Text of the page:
Sony takes home the gold with a total game changer
We should note that this time, our Camera of the Year award is very much an award for the system as well as the individual camera. Sony’s Alpha 7 variant—with lower resolution (still, a beefy 24.3MP) but an enhanced autofocus system and a slightly faster burst rate than the 7R’s—might be a better choice those photographers who don’t need humongous resolution.
While we’re nitpicking, we’ll point out that the 7R’s resolution comes at the expense of more noise at higher ISOs. Canon’s EOS 5D Mark III, our 2012 Camera of the Year and still the reigning low-light champ, is way ahead of the 7R in this regard, with acceptable noise through ISO 25,600; the 7R hits this boundary at ISO 1600. We wish the Alpha 7R had some way of triggering accessory flashes without using another flash as a master. (Hint to Sony: how about a trigger unit for the hot-shoe?) And a camera at this level should have a second card slot rather than a single SD.
Runner-Up: Canon EOS 70D
The typical kit lens for the 70D, the 18–135mm f/3.5–5.6 Canon EF-S IS STM zoom shown on the camera, has a stepping motor for smoother video AF.
But overall, the 7R has us convinced that ILCs can fully cut it as pro cameras. The introduction of this camera system even has us wondering whether the days of the single-lens reflex are numbered. It certainly is a shot across the bow of the two DSLR biggies, Canon and Nikon, whose ILC offerings to date have seemed, to put it plainly, halfhearted.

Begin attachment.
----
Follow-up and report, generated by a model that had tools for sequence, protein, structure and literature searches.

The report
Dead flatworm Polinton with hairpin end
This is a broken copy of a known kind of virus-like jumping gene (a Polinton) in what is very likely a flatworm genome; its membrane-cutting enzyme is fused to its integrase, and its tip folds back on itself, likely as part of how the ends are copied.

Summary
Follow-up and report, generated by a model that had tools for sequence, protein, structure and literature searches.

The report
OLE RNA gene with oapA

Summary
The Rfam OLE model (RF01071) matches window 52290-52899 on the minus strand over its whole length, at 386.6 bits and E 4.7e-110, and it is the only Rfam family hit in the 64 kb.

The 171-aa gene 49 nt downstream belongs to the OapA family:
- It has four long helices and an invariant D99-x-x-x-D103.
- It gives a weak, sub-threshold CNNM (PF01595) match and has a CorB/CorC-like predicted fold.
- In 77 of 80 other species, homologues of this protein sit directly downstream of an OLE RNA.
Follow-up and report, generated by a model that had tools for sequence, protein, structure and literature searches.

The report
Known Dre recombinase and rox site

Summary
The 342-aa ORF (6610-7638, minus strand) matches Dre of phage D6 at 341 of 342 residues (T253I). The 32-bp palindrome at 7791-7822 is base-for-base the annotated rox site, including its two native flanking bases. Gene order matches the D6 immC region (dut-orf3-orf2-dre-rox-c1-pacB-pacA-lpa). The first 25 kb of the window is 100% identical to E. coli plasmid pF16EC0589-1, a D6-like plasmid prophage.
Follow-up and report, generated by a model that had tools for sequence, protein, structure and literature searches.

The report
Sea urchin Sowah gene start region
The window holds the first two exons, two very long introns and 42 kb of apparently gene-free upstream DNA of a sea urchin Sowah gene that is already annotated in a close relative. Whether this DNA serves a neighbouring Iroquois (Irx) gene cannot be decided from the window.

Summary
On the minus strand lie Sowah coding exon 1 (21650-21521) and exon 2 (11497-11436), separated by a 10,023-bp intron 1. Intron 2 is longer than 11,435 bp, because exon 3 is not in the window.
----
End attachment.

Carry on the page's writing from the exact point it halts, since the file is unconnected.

And the Others...
Two other cameras made it to our list of 2013 finalists: The Canon EOS 70D and Sony’s own Cyber-shot RX1. (This isn’t the first time that two Sony models competed for Camera of the Year.)
The 70D marks the seventh generation of Canon’s double-digit-D series of midrange APS-C-format DSLRs—quite a run. But it’s a measure of how much we at Pop Photo have been spoiled by this decade-old line of cameras that we were a bit disappointed in the 70D’s Excellent-rated still imaging performance, which, with resolution of 2630 lines, was “only” incrementally better than its predecessor 60D’s. Still, we were thoroughly impressed with the 70D’s so-far unique Dual Pixel CMOS autofocus system, in which twinned pixels can perform phase detection over most of the area of the sensor. The result is extremely smooth and sensitive video and live-view autofocus. Using a smartphone to trigger a Steadicam-mounted 70D via the camera’s built-in Wi-Fi connection, we were able to capture smooth, sharp video on the move.